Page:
|The first excerpt represents the past or something you must release, and is drawn from Rezanov by Gertrude Atherton:
whose good opinion he valued as he did that of this
brilliant, dissipated, disinterested old genius; and
he felt like a schoolboy. But although he started
for the door, he recovered half-way, and reseating
himself joined in the laughter of the little man who
was rocking back and forth on his bench, his weaz-
ened leg clasped against his shrunken chest.
"How on earth was I to know all your domestic
arrangements?" he said testily. "God knows I
found them limited enough last winter, but it never
occurred to me there was any mysterious process
|The second excerpt represents the present or the deciding factor of the moment, and is drawn from Reminiscences of Tolstoy by Leo Tolstoy:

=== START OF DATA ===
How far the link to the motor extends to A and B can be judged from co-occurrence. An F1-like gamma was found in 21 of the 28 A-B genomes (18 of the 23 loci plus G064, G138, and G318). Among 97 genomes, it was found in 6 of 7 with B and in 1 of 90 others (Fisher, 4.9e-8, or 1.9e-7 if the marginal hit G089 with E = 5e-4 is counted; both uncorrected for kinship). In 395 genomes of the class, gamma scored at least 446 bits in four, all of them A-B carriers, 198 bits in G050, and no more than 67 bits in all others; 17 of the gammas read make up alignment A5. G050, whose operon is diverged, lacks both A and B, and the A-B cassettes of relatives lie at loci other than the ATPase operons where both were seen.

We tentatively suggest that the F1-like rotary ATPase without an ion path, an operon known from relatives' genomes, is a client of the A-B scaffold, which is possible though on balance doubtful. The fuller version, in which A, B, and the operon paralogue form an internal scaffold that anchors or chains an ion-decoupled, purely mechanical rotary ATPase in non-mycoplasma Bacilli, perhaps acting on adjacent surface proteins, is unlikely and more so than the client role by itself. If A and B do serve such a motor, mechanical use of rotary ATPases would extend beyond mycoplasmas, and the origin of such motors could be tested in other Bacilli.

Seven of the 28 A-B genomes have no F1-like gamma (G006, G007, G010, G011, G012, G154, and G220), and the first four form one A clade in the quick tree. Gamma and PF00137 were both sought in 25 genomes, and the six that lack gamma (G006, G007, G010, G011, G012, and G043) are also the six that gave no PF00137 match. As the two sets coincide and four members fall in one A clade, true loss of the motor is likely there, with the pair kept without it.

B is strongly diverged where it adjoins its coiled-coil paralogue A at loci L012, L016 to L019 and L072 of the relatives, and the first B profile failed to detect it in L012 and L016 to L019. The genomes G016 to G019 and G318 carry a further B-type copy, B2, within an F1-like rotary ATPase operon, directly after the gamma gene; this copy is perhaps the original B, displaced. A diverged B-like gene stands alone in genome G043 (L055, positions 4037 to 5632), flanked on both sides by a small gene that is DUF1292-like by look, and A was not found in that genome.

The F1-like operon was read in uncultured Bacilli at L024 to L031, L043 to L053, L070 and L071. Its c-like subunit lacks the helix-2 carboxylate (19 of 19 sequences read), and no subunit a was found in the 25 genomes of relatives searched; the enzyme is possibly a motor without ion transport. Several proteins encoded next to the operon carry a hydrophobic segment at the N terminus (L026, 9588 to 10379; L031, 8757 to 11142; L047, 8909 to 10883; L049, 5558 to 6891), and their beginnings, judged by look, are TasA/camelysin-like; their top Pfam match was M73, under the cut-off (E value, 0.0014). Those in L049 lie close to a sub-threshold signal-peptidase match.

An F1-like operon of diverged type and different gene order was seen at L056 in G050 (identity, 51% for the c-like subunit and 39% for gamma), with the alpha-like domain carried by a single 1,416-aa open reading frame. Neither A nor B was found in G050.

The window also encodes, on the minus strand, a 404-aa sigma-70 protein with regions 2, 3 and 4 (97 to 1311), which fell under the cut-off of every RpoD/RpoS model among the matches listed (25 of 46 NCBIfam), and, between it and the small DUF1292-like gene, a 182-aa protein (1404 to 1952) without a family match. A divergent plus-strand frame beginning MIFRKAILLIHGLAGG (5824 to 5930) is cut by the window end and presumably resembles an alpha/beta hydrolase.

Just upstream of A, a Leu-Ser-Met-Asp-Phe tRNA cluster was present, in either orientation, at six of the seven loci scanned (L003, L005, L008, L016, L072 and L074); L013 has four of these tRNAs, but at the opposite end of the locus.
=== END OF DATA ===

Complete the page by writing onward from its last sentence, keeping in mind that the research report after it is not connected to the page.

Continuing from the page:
never have lived to the ripe old age he did.
Agáfya Mikháilovna was an old woman who lived
at first in the kitchen of "the other house" and afterward on the
home farm. Tall and thin, with big, thoroughbred eyes, and long,
straight hair, like a witch, turning gray, she was rather
terrifying, but more than anything else she was queer.
Once upon a time long ago she had been housemaid to my
great-grandmother, Countess Pelagéya Nikoláyevna
Tolstoy, my father's grandmother, née Princess
Gortchakóva. She was fond of telling about her young
days. She would say:
|The third excerpt represents the future or something you must embrace, and is drawn from A Midsummer Night's Dream by William Shakespeare:
Ouer parke, ouer pale, through flood, through fire,
I do wander euerie where, swifter then y Moons sphere;
And I serue the Fairy Queene, to dew her orbs vpon the green.
The Cowslips tall, her pensioners bee,
In their gold coats, spots you see,
Those be Rubies, Fairie fauors,
In those freckles, liue their sauors,
I must go seeke some dew drops heere,
And hang a pearle in euery cowslips eare.
Farewell thou Lob of spirits, Ile be gon,
Our Queene and all her Elues come heere anon
A Midsummer Night's Dream